One of the key benefits of our approach is that it allows for real-time knowledge generation. By updating the model with new data the Decision Modeler will re-evaluate the outlined courses of action against the new information, allowing the user to view trends over time in the effectiveness and cost metrics for particular courses of action. In the example below, perhaps the cost estimates went up for the proposed course of action in Anar Dara given deterioration in the security situation that affected the ability of hiring contractors to execute the project. In Arghandab, the metric could have changed according to our collection of TCAPF data, emphasizing that more people responded that healthcare is the major problem facing their village, therefore, increasing the effectiveness against our objective if we built a healthcare center there. Given the increased need, the villagers have offered to provide labor at decreased cost and will contribute a certain percentage of funds to the project, therefore representing the decreased costs associated with Arghandab data points. In this way the tool will provide course of action forecasting based on an analysis of data for the purposes of proactively planning operations that optimize the commander’s objectives.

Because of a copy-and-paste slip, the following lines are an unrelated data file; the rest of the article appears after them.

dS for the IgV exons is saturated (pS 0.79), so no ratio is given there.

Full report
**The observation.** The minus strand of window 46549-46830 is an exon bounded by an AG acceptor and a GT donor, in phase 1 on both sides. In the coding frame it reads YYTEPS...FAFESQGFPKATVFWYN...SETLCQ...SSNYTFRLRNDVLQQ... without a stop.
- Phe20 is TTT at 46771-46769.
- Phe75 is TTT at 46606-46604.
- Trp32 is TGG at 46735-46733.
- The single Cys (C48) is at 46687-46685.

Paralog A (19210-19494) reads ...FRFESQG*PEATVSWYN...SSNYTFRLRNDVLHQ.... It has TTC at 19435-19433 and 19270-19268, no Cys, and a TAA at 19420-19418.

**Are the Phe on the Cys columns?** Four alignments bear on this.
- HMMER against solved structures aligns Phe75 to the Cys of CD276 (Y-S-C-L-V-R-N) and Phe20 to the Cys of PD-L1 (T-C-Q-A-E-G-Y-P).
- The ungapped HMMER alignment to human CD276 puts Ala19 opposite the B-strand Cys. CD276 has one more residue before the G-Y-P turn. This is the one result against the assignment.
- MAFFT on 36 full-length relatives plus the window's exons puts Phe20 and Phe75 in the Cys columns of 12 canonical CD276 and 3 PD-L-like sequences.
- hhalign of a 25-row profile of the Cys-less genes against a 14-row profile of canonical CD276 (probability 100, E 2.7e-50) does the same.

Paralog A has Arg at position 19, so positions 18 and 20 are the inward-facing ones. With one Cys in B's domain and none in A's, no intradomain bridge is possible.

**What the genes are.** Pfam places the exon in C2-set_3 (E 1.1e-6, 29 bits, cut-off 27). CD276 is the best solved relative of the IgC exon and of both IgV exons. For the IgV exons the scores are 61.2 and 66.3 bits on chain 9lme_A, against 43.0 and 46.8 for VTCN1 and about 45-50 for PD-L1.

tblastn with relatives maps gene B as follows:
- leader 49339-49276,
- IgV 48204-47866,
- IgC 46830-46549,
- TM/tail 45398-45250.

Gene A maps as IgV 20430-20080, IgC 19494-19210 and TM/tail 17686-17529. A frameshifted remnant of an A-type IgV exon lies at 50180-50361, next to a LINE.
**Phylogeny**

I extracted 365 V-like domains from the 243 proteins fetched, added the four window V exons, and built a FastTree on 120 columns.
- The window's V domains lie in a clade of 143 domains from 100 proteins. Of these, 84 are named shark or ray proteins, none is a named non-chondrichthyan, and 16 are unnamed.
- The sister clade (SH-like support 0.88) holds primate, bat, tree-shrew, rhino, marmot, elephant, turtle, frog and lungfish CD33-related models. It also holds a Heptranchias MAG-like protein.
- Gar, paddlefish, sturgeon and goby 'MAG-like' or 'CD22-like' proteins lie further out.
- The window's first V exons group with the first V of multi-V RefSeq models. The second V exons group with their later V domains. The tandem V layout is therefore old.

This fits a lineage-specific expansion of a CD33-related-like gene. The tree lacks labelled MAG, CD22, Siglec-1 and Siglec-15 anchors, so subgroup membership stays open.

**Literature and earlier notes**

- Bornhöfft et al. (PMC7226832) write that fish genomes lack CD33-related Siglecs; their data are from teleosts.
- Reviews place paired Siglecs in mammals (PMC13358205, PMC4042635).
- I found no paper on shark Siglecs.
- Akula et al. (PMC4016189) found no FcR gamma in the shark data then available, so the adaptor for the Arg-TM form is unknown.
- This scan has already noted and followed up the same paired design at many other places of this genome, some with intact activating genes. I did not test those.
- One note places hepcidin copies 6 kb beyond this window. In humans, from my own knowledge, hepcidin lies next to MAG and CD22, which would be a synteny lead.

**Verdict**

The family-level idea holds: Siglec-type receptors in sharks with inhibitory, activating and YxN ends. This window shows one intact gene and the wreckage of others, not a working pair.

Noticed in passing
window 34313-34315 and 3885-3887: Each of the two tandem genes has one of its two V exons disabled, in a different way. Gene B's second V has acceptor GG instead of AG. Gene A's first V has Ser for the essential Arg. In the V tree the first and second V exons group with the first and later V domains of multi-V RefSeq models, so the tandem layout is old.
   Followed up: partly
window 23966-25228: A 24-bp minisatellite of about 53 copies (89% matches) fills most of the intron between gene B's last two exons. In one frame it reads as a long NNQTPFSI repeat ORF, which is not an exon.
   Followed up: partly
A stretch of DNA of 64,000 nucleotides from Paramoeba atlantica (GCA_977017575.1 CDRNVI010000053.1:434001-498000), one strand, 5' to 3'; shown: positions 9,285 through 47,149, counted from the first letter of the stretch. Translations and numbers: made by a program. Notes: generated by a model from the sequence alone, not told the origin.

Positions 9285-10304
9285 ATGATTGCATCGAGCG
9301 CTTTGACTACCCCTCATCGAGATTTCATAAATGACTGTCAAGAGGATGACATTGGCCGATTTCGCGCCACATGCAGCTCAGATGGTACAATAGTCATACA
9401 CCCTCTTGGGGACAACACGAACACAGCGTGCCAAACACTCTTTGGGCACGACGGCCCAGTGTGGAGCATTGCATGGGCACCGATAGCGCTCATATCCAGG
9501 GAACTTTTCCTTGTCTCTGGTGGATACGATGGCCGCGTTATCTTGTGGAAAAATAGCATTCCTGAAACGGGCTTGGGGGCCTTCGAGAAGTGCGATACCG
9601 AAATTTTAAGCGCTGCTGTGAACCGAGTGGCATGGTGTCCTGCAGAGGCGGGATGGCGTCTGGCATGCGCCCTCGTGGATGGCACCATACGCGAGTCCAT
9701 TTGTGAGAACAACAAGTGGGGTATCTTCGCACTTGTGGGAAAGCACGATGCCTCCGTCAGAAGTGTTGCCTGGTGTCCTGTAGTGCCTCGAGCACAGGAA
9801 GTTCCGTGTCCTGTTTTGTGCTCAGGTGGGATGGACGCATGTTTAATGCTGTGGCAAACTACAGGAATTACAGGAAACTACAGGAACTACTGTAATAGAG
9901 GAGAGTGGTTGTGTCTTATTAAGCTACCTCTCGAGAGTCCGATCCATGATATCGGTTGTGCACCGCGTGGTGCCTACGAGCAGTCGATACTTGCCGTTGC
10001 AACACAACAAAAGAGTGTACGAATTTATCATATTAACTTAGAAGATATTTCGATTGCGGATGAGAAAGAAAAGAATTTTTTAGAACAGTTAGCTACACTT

We will be presenting a more detailed analysis of our research results at the conference, so keep an eye out for links to our papers and presentation.